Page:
Employer Communication during Union Drives: The Dos and Don’ts

April 27, 2015 | Evan Campbell

There is not much more frightening for employers than the possibility of becoming unionized. Upon learning of a union drive in the workplace, an employer should develop a strategic response to ensure the best chance of defeating a union’s organizing efforts.

Communication to employees regarding a union is an important tool that can be used by employers to combat a union’s organizing campaign. An employer is permitted to express its views about a union as long as the employer does not use “coercion, intimidation, threats, promises or undue influence”. The OLRB can order certification without a vote where the employer’s communications to employees contravenes the Labour Relations Act (the “Act”). As such, a union organizing campaign is a period during which the employer’s conduct and all communication will be scrutinized by the union and possibly the OLRB. Employers must develop an appropriate communication strategy that achieves the goal of reducing the likelihood of unionization while not violating the Act.

Two cases provide some insight on the dos and don’ts of employer communications. In CEP v Boehmer Box, the employer circulated three memos to employees.[1] The memos made references to unemployment, the ability of the company to compete and the possible loss of customers. The employer also noted that facilities in which the CEP held bargaining rights had closed. The OLRB found that the employer had raised the possibility of job loss by connecting unionization with a loss of the company’s competitiveness in violation of the Act. The Board ordered certification without a vote.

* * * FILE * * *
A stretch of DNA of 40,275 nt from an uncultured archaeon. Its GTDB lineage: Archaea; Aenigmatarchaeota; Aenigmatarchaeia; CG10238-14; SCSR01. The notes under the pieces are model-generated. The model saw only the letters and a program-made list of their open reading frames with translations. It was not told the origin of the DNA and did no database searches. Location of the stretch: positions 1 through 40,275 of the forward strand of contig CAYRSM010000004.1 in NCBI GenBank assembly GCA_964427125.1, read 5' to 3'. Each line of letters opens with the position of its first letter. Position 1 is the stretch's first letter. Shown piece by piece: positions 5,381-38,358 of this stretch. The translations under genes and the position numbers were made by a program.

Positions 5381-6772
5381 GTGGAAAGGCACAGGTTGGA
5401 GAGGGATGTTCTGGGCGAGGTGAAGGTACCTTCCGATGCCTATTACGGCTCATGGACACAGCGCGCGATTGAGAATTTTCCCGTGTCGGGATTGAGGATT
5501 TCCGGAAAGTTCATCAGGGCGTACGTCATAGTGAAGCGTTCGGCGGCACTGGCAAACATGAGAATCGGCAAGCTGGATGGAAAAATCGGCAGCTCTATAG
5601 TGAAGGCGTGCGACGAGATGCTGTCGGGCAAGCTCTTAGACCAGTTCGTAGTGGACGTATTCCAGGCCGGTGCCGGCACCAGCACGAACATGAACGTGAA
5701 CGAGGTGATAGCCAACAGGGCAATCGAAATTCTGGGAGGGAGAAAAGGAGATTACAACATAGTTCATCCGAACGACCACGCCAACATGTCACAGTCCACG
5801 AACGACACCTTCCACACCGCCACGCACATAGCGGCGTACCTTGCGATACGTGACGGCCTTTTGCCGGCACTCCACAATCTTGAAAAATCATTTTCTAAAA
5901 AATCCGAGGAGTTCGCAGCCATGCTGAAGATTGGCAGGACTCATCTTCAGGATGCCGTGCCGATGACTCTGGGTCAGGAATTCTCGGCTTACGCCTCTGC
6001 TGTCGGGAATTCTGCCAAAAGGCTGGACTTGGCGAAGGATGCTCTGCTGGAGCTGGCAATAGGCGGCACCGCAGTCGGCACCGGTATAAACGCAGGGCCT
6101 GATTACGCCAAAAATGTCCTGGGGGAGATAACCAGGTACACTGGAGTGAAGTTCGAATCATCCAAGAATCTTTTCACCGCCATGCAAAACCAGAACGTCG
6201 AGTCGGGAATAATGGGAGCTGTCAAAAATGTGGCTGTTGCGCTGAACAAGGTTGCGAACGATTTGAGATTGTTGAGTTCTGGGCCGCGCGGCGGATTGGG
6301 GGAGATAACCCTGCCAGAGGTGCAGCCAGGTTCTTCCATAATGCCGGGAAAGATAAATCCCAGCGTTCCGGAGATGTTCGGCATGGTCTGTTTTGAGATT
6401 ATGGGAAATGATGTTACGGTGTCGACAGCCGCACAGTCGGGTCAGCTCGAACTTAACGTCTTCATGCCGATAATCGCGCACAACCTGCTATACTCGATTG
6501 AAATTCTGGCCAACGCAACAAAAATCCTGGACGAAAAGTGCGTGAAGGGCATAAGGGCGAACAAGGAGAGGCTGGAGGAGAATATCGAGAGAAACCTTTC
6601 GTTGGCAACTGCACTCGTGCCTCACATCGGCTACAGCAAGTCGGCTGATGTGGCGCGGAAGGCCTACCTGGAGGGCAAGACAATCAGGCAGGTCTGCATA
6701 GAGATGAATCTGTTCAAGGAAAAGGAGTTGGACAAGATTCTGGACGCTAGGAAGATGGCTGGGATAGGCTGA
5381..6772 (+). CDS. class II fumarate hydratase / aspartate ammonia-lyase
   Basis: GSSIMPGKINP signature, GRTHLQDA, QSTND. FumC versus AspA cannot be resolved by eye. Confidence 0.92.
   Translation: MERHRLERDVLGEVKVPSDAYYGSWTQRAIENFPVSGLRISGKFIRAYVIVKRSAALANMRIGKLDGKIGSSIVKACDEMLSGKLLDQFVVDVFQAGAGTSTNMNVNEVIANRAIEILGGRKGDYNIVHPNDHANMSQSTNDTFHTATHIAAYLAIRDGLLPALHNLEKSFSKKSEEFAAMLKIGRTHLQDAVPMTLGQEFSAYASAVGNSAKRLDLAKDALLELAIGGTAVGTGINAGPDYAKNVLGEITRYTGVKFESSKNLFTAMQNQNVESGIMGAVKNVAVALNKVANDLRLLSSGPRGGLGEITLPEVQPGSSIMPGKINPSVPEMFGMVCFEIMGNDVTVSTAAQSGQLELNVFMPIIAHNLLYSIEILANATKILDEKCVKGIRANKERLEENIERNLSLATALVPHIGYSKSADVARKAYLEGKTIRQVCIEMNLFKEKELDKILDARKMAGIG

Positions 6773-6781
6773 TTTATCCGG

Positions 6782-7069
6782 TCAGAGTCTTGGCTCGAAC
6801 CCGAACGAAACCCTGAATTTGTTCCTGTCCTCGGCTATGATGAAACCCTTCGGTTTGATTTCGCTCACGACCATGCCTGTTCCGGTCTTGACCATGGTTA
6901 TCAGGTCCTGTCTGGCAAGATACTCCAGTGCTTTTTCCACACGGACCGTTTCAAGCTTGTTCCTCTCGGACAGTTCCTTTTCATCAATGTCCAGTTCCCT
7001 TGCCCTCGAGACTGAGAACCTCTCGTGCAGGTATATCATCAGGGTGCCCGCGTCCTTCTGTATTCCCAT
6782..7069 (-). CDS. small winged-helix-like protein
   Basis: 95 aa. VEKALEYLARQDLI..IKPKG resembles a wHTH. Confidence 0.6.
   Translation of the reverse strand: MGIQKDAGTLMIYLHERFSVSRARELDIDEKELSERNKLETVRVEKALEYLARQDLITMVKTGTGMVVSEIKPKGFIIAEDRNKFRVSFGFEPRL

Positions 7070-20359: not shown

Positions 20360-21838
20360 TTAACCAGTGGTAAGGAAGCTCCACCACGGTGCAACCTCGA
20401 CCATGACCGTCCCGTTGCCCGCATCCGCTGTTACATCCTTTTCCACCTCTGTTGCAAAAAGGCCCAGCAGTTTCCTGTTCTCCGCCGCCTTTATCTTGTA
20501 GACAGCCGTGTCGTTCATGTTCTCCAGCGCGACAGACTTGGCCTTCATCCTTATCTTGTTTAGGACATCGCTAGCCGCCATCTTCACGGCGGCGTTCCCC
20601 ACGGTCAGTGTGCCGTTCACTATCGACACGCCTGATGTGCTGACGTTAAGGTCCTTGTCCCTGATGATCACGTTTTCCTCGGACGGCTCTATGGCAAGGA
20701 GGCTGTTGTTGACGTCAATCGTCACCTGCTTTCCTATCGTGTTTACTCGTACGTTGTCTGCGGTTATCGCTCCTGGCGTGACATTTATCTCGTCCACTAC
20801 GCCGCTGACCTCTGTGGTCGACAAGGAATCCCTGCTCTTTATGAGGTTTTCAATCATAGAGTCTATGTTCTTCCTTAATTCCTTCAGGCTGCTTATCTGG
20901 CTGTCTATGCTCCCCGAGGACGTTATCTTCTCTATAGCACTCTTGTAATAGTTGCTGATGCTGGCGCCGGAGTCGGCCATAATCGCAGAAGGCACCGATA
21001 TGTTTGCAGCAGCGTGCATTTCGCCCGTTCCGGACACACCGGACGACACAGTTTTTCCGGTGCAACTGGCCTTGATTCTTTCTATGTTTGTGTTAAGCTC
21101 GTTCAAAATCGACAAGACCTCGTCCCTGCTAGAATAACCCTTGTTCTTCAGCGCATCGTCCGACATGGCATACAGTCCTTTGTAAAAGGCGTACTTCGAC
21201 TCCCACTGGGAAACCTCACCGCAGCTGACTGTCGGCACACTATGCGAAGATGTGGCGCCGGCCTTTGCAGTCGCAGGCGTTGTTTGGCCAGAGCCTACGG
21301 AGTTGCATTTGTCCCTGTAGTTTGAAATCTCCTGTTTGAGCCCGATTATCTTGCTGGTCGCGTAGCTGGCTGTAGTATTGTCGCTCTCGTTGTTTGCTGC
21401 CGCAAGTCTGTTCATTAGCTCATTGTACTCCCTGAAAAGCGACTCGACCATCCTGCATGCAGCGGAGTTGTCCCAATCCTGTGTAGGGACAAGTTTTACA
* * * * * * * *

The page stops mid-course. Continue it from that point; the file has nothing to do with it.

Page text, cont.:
In Service Employees International Union v PRP Senior Living Inc. o/a Sunrise of Aurora, the employer undertook significant steps in an attempt to prevent unionization.[2] Senior management and executives from the United States attended the workplace as soon as the union organizing efforts commenced. Senior management held a series of one-on-one meetings with employees to discuss the employees’ views of the union and workplace issues. In addition, the union alleged the following: that videos, bulletins and letters were provided to employees which suggested that the union would lie or mislead; materials questioned the employees ongoing job security; and town hall meetings were held to discuss the union. The OLRB noted that certain acts by the employer in isolation would not have breached the Act. However, the cumulative effect of the employer’s actions constituted “undue influence” and as a result, certification was ordered.

The following are some practical tips for communicating with employees during a union drive:

  • carefully craft written communiqués to employees that address the process and importance of voting, the successes achieved without the union and the negatives associated with a union;
  • highlight issues that are supported by documentation such as the union’s ability to deduct fees or the quantum of strike pay;
  • respond to incorrect assertions advanced by the union;
  • consider the timing for the delivery of communiqués to employees as opposed to a bombardment of communications with employees;
  • assume all communication (written or verbal) will be attacked by the union;
  • ensure supervisors and management are informed about the process and the importance of proper communication with employees.

A union organizing drive is an intense period in which an employer’s response must be carefully considered. Proper communication with employees is an important component of the overall strategy that should be developed for the best chance of preventing unionization.

[1] Communications, Energy and Papwerworkers Union of Canada v Boehmer Box LP, [2010] O.L.R.D. No. 992. 

[2] Service Employees International Union v PRP Senior Living Inc. o/a Sunrise of Aurora, [2013] O.L.R.D. No. 1045.



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